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#9 Re: Case Studies
12/06/2002 00:00

Dave S

It was a very basic Intro to Consulting skills course - 3 days run by QA training - let me know if you need more details.

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#10 Re: Case Studies
12/06/2002 00:00

william johnson

Yes please dave, more details.

WJ

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#11 Re: Case Studies
13/06/2002 00:00

Ashen

Dave, would appreciate more details if possible. Thanks a million. A

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#12 Re: Case Studies
13/06/2002 00:00

william.johnson

The reason I'd like to know more is I'm always interested in PDN's competitors, and I'm unaware of QA.

If you want to look at a curriculum for Consulting Skills, take a look at our website www.pdnltd.com

William

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#13 Re: Case Studies
15/06/2002 00:00

Mark Roberts

Try subscribing to Havard Business Review. Each magazine includes a case study with responses from selected gurus. If you go to Havard Business School Publishing web site I think you can get back copies of case studies and articles and other resources.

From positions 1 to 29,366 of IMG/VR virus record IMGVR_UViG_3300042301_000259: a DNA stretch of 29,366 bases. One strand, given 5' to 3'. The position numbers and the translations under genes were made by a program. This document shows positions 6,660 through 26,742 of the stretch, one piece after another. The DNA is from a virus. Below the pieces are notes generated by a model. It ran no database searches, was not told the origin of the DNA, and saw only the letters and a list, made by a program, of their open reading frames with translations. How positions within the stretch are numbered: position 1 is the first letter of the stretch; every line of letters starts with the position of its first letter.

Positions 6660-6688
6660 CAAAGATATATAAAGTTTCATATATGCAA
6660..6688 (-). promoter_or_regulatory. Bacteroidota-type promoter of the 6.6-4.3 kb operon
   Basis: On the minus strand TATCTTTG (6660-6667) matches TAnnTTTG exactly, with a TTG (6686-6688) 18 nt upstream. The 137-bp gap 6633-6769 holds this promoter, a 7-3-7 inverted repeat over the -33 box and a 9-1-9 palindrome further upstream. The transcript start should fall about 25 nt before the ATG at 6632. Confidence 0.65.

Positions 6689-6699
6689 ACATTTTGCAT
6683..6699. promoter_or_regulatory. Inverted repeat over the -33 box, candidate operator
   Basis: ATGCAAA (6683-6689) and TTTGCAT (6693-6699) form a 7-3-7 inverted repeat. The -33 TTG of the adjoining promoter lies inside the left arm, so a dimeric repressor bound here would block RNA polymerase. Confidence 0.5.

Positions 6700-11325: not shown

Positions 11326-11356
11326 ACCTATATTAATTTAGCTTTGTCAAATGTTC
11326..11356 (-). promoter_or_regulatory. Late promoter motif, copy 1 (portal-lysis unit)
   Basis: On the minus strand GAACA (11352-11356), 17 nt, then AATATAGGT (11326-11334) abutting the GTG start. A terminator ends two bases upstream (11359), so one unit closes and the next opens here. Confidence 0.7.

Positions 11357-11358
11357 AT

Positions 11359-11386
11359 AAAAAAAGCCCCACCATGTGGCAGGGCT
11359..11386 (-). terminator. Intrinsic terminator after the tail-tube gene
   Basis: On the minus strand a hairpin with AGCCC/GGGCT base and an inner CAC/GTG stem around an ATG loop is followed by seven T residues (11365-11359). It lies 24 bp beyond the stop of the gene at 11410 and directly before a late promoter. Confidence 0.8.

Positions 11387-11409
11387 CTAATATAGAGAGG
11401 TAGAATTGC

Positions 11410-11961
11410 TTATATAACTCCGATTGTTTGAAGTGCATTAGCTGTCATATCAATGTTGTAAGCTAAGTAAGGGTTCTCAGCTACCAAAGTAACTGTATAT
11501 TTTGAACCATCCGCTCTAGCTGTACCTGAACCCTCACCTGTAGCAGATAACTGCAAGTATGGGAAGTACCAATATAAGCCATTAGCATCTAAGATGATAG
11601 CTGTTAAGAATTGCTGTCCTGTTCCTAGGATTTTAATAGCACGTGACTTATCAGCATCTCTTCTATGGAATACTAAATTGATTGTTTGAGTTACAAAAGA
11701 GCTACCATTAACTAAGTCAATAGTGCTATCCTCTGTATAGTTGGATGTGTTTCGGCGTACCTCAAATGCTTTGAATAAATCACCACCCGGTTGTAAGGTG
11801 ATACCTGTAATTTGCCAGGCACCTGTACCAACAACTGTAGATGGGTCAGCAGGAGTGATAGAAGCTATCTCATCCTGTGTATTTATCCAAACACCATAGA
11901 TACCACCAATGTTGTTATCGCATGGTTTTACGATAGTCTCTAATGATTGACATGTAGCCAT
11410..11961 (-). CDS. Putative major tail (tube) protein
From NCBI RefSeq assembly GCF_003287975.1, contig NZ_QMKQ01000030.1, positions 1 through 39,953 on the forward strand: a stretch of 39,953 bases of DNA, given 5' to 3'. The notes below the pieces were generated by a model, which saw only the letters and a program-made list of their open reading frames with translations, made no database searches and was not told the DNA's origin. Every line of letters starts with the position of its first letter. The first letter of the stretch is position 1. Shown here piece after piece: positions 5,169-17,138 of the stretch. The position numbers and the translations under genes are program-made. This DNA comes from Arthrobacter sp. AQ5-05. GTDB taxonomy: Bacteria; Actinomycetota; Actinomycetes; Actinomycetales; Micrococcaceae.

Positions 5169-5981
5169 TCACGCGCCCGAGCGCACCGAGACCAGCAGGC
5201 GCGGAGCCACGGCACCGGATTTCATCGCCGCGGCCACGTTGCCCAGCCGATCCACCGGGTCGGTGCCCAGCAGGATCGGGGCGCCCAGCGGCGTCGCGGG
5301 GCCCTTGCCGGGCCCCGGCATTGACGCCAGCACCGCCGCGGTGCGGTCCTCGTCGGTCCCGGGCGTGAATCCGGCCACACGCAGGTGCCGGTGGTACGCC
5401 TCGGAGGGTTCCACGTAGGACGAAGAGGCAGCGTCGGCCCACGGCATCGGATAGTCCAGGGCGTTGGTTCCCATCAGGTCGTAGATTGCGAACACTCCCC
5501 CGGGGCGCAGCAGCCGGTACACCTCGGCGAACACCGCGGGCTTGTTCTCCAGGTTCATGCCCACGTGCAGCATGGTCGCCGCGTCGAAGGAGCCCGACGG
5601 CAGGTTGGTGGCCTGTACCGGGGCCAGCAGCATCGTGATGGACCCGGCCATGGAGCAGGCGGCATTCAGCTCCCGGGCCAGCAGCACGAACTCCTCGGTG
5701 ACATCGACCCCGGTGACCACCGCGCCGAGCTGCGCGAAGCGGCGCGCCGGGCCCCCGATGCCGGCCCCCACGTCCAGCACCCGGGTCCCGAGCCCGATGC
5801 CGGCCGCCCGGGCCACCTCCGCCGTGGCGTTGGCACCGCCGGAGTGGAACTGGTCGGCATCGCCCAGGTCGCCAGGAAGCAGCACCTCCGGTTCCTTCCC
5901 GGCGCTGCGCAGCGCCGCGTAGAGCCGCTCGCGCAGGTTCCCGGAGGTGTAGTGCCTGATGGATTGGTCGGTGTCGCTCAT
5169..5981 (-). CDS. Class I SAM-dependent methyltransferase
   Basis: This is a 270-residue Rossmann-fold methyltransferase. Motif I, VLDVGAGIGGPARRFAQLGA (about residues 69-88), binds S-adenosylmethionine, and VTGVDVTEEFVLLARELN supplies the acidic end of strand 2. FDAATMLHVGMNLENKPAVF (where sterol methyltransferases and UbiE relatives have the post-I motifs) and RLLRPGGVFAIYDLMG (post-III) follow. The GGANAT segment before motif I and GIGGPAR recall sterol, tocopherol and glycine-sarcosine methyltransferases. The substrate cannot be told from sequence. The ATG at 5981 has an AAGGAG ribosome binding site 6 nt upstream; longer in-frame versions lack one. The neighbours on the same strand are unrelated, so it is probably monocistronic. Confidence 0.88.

Mark

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#14 Re: Case Studies
20/06/2002 00:00

What to do and what not to do during a case interview

Do

1. Listen to the interviewer and interact with him/her

2. Structure the problem by developing a customised

framework

3. Focus on issues where most impact can be brought

4. Explore a variety of options with creative thinking

5. Demonstrate business judgment

6. Make quick and accurate calculations

7. Synthesise your thoughts and conclude your analysis

Don’t

1. Jump immediately into the analysis without the

proper level of understanding

2. Panic if the answer isn’t readily apparent

3. Defend your own solution at all costs

4. Internalise your thought process

5. Stick to an artificial framework (3 C’s, 4 P’s, …)

6. Rely on circulated cases or use advanced knowledge

Case Interview Dos

Do listen and interact